France's position was set out yesterday by President Jacques Chirac's spokesman Frederic Desagneaux after a meeting in Paris between Chirac and President Glafcos Clerides, who was due to return to the island last night.

    The French official said Chirac had expressed satisfaction with the start of the Cyprus peace talks, hoping that the process would be constructive and sustained.

    The two sides are expected to engage in a third round of proximity talks in New York on May 23.

    The EU dimension was also part of the discussions in France between Foreign Minister Yiannakis Cassoulides and Pierre Moscovici, France's Minster responsible for EU affairs.

    The two men reviewed the progress achieved so far and discussed future steps.

    In an interview with the influential Le Monde newspaper, Clerides said Greco-Turkish relations could not have a sound base without a solution of the Cyprus problem, though he conceded the climate had improved, even though a solution had not been forthcoming.

    Cassoulides meanwhile told Le Figaro that the government hoped the third round of settlement talks would be decisive. He also said EU accession talks should now move on to tackle more difficult chapters, including agriculture, the environment and justice. Cyprus has already closed 11 out of 29 chapters.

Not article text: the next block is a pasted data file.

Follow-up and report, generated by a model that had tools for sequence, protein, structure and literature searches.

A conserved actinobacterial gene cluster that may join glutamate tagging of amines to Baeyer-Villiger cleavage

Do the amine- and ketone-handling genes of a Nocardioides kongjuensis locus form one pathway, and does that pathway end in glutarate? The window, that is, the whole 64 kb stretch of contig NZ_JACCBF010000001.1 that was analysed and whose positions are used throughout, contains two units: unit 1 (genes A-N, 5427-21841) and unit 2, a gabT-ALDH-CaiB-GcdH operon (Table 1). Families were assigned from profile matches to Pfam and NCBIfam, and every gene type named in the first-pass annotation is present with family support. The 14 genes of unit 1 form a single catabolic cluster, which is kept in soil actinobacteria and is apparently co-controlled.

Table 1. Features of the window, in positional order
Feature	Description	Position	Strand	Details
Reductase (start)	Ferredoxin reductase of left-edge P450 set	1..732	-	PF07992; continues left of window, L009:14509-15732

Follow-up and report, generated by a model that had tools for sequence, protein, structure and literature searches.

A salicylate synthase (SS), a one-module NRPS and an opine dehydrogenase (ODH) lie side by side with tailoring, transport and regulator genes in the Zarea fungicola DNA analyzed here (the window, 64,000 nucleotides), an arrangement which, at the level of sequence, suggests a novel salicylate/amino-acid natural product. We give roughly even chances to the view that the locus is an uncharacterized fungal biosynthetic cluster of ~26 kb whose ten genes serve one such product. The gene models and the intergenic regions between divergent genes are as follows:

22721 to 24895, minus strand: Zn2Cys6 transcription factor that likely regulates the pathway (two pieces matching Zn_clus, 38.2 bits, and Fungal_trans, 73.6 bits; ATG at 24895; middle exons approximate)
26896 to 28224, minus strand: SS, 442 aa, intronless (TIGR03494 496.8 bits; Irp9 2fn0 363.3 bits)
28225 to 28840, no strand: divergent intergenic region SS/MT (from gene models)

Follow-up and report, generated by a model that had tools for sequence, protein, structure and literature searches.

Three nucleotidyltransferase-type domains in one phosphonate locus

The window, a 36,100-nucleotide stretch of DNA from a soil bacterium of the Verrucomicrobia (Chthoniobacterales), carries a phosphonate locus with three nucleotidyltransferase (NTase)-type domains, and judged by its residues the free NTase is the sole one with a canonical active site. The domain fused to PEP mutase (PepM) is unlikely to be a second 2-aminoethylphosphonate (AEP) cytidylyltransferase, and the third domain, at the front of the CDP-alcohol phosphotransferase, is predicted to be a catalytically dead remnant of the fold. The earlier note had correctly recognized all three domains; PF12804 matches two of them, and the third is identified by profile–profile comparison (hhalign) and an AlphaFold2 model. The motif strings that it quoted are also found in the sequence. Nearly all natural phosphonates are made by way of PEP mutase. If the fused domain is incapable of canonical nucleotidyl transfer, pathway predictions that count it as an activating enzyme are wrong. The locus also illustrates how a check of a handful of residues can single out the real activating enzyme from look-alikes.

"I believe that we will have finished by the end of 2001," Cassoulides told the newspaper.

    Next week, the European Union Commissioner responsible for enlargement, Gunter Verheugen, will be in Cyprus for contacts with the Greek and Turkish Cypriot sides. Verheugen will arrive on March 23.

    Friday, March 17, 2000

    [03] Conservation group joins Akamas campaign

    By Martin Hellicar

    THE CYPRUS Conservation Foundation (CCF) yesterday joined the ranks of those hitting out at a Cabinet decision to allow "mild and sensitive" development along the Akamas coast, describing it as an affront to conservation, the public and the EU.

    The March 1 decision dealt a severe blow to greens' hopes that the government's promise to declare the Akamas a National Park, made over a decade ago, would lead to the whole of the unspoilt peninsula being preserved.